Want to re-sell all those old MP3 files of songs you downloaded back in the day but no longer want? The New York Times recently reported about a controversial new business that wants to help. Why is this business—called ReDigi—controversial? Because it presents old copyright issues in a new technological guise—and rests on a creative attempt to avoid being snared in the contributory copyright infringement trap that killed the Napster and Grokster file-sharing services several years ago.
The Copyright Issues
Copyright law’s “first sale doctrine” permits a legitimate purchaser of a music CD, film DVD, book, painting, or other copyrighted works to re-sell the item freely. The copyright holder can control the “first sale,” but that’s it. When such tangible items are sold, the first owner no longer has the item. But if the first owner made and kept a copy of the item before re-selling it, then he’s probably infringed the copyright. And the law is the same with copyrighted works in digital format: first sale doctrine will likely protect the sale if the item is a lawful copy and the seller doesn’t retain a copy.
So if a resale facilitator (like ReDigi) simply provided an unrestricted forum to resell digital works—and it knew or expected that many users would be either trading infringing copies or unlawfully making additional copies to sell—it would probably be snared under the law as a contributory infringer. In a nutshell, this was the legal downfall of the well-known Napster and Grokster music and video “file-sharing” services. And a business can’t hide its head in the sand about such shenanigans: “willful blindness” is the legal equivalent of actually knowing that illegal copies are being made.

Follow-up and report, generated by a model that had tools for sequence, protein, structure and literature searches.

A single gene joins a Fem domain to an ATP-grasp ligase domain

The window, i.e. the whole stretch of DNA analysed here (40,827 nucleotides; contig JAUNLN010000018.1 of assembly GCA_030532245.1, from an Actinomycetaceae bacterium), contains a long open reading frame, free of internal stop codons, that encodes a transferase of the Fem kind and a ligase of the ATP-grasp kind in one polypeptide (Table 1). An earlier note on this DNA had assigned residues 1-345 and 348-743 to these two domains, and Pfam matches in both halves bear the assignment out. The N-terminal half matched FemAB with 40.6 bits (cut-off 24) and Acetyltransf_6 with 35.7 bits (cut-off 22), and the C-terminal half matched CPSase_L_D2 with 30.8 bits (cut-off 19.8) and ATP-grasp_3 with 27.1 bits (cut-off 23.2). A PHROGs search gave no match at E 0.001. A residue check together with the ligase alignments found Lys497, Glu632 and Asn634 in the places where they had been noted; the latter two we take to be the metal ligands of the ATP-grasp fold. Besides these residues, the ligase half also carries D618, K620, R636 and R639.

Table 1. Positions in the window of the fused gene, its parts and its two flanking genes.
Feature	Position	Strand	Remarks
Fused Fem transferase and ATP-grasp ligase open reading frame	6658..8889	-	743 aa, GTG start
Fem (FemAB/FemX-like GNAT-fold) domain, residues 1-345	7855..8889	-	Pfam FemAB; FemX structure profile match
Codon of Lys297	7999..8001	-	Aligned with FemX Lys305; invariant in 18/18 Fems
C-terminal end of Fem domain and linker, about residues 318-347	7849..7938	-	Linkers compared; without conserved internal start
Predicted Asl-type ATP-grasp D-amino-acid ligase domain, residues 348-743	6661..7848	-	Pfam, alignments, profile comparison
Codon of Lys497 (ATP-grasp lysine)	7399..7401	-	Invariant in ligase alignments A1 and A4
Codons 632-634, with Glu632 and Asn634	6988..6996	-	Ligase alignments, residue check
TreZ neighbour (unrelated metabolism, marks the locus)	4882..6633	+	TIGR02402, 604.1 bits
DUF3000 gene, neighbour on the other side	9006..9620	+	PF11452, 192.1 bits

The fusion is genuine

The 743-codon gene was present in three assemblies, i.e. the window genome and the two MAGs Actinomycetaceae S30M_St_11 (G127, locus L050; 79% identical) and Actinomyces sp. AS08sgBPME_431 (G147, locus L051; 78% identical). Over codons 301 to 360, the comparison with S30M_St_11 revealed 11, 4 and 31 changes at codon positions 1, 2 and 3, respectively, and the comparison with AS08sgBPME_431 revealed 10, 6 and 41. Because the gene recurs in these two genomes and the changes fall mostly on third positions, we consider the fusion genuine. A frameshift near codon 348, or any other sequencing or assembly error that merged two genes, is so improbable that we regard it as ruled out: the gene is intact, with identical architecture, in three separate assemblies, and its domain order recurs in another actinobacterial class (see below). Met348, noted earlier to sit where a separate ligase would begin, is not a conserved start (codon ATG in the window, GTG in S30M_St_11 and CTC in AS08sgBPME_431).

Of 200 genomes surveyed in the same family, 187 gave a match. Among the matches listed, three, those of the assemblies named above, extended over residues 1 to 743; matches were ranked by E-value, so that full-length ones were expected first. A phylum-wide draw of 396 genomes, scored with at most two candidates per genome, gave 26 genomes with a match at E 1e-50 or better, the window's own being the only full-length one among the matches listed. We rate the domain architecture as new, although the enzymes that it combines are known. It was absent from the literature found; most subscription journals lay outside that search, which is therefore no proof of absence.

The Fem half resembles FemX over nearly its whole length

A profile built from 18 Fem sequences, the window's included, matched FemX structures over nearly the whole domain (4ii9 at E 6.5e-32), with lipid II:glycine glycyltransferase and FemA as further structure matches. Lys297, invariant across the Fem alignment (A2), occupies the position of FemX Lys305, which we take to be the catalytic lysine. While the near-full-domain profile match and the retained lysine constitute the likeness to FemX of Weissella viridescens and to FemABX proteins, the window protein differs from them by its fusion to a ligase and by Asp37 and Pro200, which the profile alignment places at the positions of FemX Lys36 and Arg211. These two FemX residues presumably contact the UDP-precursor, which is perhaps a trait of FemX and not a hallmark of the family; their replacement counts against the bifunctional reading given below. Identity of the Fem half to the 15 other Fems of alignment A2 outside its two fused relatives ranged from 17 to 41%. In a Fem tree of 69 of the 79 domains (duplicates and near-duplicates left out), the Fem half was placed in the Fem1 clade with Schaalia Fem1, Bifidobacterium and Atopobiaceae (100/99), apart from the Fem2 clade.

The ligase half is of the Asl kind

Here’s how ReDigi claims to work: It purchases your old MP3s sitting on sellers' hard drives. To ensure that sellers aren’t copyright infringers, ReDigi claims its technology: (1) verifies that your copy is legal; and then (2) deletes all copies of the audio file on your computer.
ReDigi says its business model has done just the opposite of willful blindness: it employs comprehensive preventative measures to ensure that its re-sellers are legitimate owners and don’t retain files and so avoid copyright infringement.
Will ReDigi Measure Up? -- The Tiffany v eBay Analogy
Are these steps enough to make ReDigi’s service legal? What if the re-seller burned a CD-ROM with the file? Or made and kept a copy of the hard drive itself? Or saved the file to a thumb drive?
These questions of what degree of diligence is needed to avoid contributory infringement liability bear some similarity to the Second Circuit’s recent Tiffany v. eBay decision (which we previously discussed here). In that case, eBay convinced the court that the steps it took to minimize the potential for trademark counterfeiting and address known instances of counterfeiting that slipped through were enough to insulate it from Tiffany’s claims that eBay was contributorily liable. Though the decision in Tiffany dealt with contributory liability under trademark law, the legal principles are very similar in the copyright context.
The First Attack is Launched
The Recording Industry Association of America (RIAA) has already sent ReDigi a "cease-and-desist" letter, accusing ReDigi of contributory infringement. Such demands to shut down are usually a prelude to a full-blown lawsuit, so it appears that we may not have to wait long for the first court decision to weigh in with answers to these important issues.
Authors: Tom Casagrande Jason Nardiello